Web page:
There are moments in football where one single transfer can change the entire history of a club.
Whereas Johan Cruyff’s move to Barcelona in 1973 sparked a revolution in the ethos of the Catalan side which is still present to this very day, Manchester City’s decision to sign Sergio Aguero in 2011 from Atletico Madrid laid down the foundations needed for them to emerge as one of English football’s modern-day giants.
Although these two deals are incredibly high profile, it could be argued that Middlesbrough’s decision to bring in Juninho in 1995 from Sao Paulo was equally as important for the Teessiders.
Considered somewhat of a coup at the time for a side who had just been promoted to the Premier League, the arrival of the Brazil international caused a great deal of excitement amongst the club’s supporters whose expectations were understandably high.
Despite there being initial concerns about whether Juninho could cope with the pace and physicality of the top-flight, it was clear from his very first appearance that he had all the ingredients needed to become a hero at the Riverside Stadium.
Following an impressive first season for the club, the attacking midfielder went from strength to strength during the 1996-97 campaign as he formed a lethal partnership with forward Fabrizio Ravanelli which resulted in the duo scoring 46 goals between them for Boro.
Juninho’s fantastic individual performances helped his side reach both the League Cup and FA Cup final yet the Smoggies would go on to lose to Leicester City and Chelsea.
By shifting their entire focus on succeeding in these knock-out competitions, Bryan Robson’s side inadvertently sacrificed their top-flight status and thus had to sell their star player to Atletico Madrid.
Whilst in La Liga, Juninho suffered massively with injuries and ultimately failed to live up to expectations during his two year spell with Los Rojiblancos. After a season-long loan spell at Boro, the midfielder moved back to Brazil for two years before Atletico put him up for sale in 2002.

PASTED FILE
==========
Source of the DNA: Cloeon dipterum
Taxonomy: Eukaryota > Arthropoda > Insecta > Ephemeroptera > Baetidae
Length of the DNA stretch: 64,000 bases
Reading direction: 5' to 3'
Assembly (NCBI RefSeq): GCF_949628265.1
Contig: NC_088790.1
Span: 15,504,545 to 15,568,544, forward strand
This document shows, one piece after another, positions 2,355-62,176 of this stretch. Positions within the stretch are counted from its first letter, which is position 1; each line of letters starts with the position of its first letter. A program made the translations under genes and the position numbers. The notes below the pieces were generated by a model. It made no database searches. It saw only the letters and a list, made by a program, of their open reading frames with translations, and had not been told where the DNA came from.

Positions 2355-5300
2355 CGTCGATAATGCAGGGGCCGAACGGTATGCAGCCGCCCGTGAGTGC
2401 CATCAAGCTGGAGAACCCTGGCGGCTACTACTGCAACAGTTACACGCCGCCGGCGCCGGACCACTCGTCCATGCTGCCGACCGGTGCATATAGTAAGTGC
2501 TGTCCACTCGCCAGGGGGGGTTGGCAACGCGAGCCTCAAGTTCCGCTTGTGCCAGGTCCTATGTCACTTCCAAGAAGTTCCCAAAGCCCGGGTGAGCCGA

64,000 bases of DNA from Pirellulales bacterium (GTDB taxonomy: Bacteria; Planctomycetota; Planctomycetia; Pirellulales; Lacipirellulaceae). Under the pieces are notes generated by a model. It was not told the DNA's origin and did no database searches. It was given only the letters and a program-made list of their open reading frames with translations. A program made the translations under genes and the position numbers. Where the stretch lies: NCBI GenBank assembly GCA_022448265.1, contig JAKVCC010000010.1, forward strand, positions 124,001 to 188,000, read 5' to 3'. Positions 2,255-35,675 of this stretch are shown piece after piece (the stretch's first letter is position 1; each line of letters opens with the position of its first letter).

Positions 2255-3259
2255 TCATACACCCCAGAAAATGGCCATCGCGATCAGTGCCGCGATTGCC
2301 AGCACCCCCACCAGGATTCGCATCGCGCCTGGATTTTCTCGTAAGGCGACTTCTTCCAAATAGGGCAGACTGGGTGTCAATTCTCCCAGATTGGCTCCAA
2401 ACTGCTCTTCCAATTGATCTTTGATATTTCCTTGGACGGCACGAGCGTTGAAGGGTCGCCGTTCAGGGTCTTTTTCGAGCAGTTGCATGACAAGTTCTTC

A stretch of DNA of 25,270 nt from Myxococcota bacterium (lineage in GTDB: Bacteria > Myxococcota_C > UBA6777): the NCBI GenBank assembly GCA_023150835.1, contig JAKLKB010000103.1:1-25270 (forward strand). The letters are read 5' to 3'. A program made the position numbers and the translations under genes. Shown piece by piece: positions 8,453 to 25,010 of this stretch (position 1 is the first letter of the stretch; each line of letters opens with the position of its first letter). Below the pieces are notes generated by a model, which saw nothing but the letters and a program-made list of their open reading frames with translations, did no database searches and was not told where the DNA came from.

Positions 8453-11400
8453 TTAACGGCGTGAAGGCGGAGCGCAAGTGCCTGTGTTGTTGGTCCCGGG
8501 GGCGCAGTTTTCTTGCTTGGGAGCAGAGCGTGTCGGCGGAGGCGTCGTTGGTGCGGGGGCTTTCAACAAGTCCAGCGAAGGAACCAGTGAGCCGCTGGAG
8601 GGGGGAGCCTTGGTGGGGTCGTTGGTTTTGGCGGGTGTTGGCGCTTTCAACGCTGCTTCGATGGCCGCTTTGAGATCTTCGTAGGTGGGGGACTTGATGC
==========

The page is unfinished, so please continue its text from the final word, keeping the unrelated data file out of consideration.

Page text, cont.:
With the prospect of securing a third spell for Juninho at the Riverside too hard to resist, then-manager Steve McClaren spent £6m (via the Guardian) to lure him away from the Spanish capital.
Following a relatively quiet first season back in England, the former Sao Paulo ace helped create history for the club in 2004 as he scored a vital goal against Arsenal in the semi-finals of the League Cup which gave Boro the opportunity to avenge their 1997 defeat.
In-front of a capacity crowd at the Millennium Stadium, the Smoggies secured a famous 2-1 victory over Bolton Wanderers as goals from Joseph-Desire Job and Bolo Zenden ended a 128 year wait for a major trophy.
Having played a significant role in creating a moment that Boro fans will treasure forever, Juninho left North Yorkshire to move to Celtic in 2004 with his status as one of the club’s greatest ever players confirmed by this particular triumph.
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